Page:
Sunday, November 09, 2008

Remembrance Sunday


This year, for the first time for a lot of years, a wreath was laid at Preston war memorial on behalf of the Borough and it was my privilege as a ward councillor to lay it. It was the first time I'd been to the service there as my more usual venue for remembrance is at Egglescliffe or representing the Liberal Democrat Group in Stockton centre.
During the church service leading up to the Act of Remembrance a serving officer spoke of his experience in Iraq in recent times and of the comfort and support given to members of the forces by their padres. But the words which struck me most strongly were those with which he started: "Until a few years ago Remembrance Sunday was about history. Now it's about the present. Almost everyone knows someone who's been affected by the recent conflicts". How right he is. So many people now knows someone who's serving in one of the conflict zones of the world, or has met a refugee from a conflict zone. It does help us to see something of the reality of war.
Only a handful of survivors of the fighting in 1914-18 are here to see the 90th anniversary of the end of that war. It was "the war to end all wars", and yet there hasn't really been peace since it ended. Human mistrust, greed, fear, pride, hunger - all contribute to ongoing conflicts. We fight over ownership of the world's resources instead of learning to share them. We fight because we're frightened that the other person will strike first. We fight because we perceive the other as wronging us or our friend. Turning the other cheek and loving our neighbours seem very remote concepts. Yet if we don't learn to do that we're going to fight ourselves to destruction sooner or later.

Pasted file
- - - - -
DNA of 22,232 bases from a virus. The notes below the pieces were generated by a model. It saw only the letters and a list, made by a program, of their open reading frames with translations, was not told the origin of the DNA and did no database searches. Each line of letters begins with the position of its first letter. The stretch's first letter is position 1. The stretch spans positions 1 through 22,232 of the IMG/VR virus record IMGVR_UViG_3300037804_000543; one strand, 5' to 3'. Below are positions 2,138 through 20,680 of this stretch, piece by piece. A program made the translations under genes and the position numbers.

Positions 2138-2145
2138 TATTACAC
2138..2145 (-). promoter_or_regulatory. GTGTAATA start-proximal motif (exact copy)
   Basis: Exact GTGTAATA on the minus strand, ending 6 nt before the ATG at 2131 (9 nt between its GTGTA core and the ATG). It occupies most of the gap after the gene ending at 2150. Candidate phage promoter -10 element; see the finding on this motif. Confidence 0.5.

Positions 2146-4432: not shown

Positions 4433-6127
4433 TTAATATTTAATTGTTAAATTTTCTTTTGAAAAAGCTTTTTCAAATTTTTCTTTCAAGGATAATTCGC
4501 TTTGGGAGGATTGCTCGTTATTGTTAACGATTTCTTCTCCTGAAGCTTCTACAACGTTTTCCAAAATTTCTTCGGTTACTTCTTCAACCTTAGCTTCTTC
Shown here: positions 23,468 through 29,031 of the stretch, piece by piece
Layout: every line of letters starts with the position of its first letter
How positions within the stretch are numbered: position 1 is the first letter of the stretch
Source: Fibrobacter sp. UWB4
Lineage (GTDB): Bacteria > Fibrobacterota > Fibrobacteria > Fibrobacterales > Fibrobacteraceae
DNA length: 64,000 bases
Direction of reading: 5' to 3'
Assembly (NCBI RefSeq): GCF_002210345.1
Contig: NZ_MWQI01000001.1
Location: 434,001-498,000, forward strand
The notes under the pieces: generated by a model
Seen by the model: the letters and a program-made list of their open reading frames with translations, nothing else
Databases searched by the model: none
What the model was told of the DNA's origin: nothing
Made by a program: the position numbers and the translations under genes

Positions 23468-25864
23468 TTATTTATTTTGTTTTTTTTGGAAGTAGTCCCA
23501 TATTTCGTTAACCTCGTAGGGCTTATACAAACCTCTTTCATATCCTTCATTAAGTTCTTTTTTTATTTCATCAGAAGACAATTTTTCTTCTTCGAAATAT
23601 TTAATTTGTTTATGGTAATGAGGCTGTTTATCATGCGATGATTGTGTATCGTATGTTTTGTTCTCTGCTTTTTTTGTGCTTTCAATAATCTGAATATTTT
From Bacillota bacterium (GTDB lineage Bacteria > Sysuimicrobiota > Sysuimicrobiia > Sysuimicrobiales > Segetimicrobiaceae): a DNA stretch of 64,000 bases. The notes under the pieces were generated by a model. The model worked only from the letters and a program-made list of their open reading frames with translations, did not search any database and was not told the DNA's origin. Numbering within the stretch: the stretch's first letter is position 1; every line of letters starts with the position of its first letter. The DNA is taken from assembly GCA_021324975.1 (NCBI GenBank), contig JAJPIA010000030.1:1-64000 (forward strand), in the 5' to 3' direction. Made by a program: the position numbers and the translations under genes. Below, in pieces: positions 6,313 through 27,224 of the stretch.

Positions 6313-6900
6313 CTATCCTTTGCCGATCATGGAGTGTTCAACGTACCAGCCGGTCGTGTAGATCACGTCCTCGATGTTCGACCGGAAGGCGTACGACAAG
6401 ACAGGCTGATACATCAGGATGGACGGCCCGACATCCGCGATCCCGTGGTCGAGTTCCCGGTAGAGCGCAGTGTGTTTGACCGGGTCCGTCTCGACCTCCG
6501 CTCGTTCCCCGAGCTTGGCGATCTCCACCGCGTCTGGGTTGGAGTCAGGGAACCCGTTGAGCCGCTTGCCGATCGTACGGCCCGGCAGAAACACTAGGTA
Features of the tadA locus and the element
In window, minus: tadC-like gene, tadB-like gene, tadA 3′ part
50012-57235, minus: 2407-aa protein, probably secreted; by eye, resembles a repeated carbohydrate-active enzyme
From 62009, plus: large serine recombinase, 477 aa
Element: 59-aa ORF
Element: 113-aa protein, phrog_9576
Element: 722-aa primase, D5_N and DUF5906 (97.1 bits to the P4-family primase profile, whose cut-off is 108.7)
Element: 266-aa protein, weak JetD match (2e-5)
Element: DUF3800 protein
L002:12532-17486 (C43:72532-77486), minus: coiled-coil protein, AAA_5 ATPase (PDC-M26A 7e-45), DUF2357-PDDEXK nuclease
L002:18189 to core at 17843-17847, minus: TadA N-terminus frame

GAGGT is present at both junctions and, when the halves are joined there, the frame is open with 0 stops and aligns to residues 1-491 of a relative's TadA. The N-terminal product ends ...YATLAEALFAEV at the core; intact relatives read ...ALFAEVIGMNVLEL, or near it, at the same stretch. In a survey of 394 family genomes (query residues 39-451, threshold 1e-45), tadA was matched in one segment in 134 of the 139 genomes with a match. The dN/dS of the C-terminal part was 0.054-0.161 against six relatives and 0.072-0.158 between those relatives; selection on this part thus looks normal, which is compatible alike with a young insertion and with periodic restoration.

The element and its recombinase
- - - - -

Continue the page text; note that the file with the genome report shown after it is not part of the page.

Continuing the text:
Some years ago on holiday in France we stopped for a break on our route and realised that we were in the region of the Somme, scene of so much bloodshed in 1916. I looked out over low lying marshy ground and the horror of trying to fight there with the equipment and clothing available then hit me. Several years later on another holiday we stumbled across a war cemetery - row upon row of gravestones for French and German soldiers. Countless hundreds of graves - one of the most moving sights ever for me. And then further along the road, small plots - half a dozen Canadian airmen here, a handful of another nationality there - all carefully tended, some by local people others by their own countrymen, but all immaculate. Small acts of Remembrance taking place every week as grass was cut, shrubs were trimmed, headstones were cleaned.
Those brave men and women who gave their lives in the great wars of the last century, many of whom lie buried in "foreign fields", will have died in vain if we don't do something more positive about living in peace. There's a hymn chorus which says "Let there be peace on earth and let it begin with me". Maybe that's the kind of action that should flow from the Act of Remembrance. A decision to work towards peace, at whatever level we function - at home, at work or in national government.
On Tuesday, the 90th anniversary of Armistice Day, we have the chance to stand together in silence and ponder just what we have done with the legacy of that war and what we should do in the future to make a fitting tribute to the fallen. Or do Laurence Binyon's famous words only apply at 11am on November 11th each year?
They shall grow not old, as we that are left grow old:
Age shall not weary them, nor the years contemn.
At the going down of the sun and in the morning
We will remember them.

1 comment:

Jennie said...

1968 is the only year in living memory in which a British serviceman has not died in foriegn combat. You're right, we've not learned the lessons yet.